An article written by one of our advisers Craig Southern…
Gone are the days when pensions were straightforward... when you signed up to work at a company with a decent plan, worked there for decades, then retired at 60 to start spending said pension without giving the scheme a second thought!
Today, we work longer, live longer, and move from company to company throughout our lives. Pension options are more complex and competitive, giving you more ways to save, invest and access your money. While choice is great, it’s also confusing.
No wonder, then, that one of the most common questions we’re asked is: should I transfer my final salary pension?
In this article, I’ll help you answer exactly that.
What Is a Final Salary (Defined Benefit) Pension Scheme?
A final salary defined benefit pension gives you a regular, defined monthly payment based on what you were earning when you retired, and how long you’d been working at the company.
For example, if your employer uses a 1/60 model to calculate your pension, this will be equal to 1/60 of your final salary for every year you’ve worked there. If you stay at the company for 20 years, your pension will be 20/60, or one-third, of whatever your monthly salary is by the time you retire.
What’s the Difference Between a Final Salary (DB) Scheme and a Personal Pension Scheme?
A final salary pension offers peace of mind: you have a set, guaranteed income for life. It doesn’t matter how long you’re around for, your pension won’t run out.
A personal pension scheme (PPS), on the other hand, is finite – it can run out. At the same time, it’s much more flexible.
Over the course of building up your pension pot, you (and your employer) have much more freedom over how much money you put in each year. You also have far more wiggle room about when you can start claiming your pension, how much you can take out, and where the money goes after you die.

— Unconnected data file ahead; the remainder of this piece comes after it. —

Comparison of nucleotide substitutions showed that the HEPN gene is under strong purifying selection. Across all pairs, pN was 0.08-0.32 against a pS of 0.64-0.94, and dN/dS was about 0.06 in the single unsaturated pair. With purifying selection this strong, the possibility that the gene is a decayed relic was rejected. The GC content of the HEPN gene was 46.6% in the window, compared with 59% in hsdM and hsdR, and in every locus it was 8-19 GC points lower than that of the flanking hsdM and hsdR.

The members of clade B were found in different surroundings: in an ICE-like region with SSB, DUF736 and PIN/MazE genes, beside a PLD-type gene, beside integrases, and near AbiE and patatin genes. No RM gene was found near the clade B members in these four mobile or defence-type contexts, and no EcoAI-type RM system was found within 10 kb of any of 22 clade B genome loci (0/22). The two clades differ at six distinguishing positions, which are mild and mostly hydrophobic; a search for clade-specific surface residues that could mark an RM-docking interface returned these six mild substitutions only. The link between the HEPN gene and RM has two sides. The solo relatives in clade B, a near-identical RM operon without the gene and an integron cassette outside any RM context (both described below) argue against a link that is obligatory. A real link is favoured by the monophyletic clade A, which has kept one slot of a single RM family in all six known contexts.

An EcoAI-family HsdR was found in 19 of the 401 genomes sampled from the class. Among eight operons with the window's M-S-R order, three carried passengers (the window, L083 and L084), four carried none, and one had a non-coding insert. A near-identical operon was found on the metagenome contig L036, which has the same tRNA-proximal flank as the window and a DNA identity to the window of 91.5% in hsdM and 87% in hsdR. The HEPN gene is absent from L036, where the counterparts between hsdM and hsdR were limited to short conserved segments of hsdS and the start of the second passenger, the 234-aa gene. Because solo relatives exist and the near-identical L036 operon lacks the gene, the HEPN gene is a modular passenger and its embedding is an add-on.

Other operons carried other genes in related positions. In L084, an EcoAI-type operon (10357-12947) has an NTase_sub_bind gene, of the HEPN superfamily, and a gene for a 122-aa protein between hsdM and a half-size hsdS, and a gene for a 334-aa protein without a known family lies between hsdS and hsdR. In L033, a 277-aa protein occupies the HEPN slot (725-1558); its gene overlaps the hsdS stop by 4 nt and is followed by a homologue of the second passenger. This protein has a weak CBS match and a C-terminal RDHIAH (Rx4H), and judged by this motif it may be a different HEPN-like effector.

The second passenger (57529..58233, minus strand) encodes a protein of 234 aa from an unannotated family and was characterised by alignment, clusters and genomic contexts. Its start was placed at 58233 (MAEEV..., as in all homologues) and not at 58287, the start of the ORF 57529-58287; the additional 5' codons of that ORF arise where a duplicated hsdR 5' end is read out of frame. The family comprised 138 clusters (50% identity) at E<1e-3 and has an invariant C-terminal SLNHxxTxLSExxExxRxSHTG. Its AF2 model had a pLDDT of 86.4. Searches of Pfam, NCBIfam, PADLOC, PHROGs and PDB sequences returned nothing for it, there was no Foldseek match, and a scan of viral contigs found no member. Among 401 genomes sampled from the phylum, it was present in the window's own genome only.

Okay, So… Why Would I Switch to a Personal Pension Scheme?
While a regular, reliable income is great, there are downsides.
You can cash out 25% of your fund tax-free at the start, but after that, your hands are tied. No matter how much money you’ve added to your pension pot over the years, you can only access this at the rate your final salary scheme allows.
In many cases, you’re stuck working until the last possible moment – if you take early retirement, there’s a penalty. What’s more, other than the smaller benefits paid out to a surviving partner and dependent children, when you die your pension dies with you. You can’t pass it on.
If you switch to a personal pension, you can start drawing your pension at 55, even if you’re still working. You can also cash out as much of your pension as you like at any time (although you might have to pay tax on this), and you can pass on your whole pension to your partner, children or anyone else you choose - so the money you’ve accumulated is never lost.
Right. So Should I Transfer My Final Salary Pension?
Ultimately, the decision boils down to this: are you more worried about having a regular income that never runs out, or making sure you get the most out of the money you’ve saved?
Put it this way: if your pension pot isn’t huge and you think you might live until 106, it could make sense to be cautious.
On the other hand, you may have reason to think you’ll have less time to enjoy your pension fund and you’d rather access more money now - or have better ways to support your family after you’re gone. Perhaps you’ve saved enough that you’re unconcerned about exhausting your fund, but could do with a chunk of capital to, say, pay off your mortgage or relocate abroad. Perhaps you want to retire early, without being penalised.
Whatever your individual circumstances and goals, make sure you talk to someone who knows the pension landscape inside out and can help you figure out the very best match for you. Even if the answer is that you’re already on the best plan, it’s important to find out now!
It is the opinion of both ourselves and our regulators (The Financial Conduct Authority) that most people would be better off staying in their final salary scheme but it does depend on individual circumstances.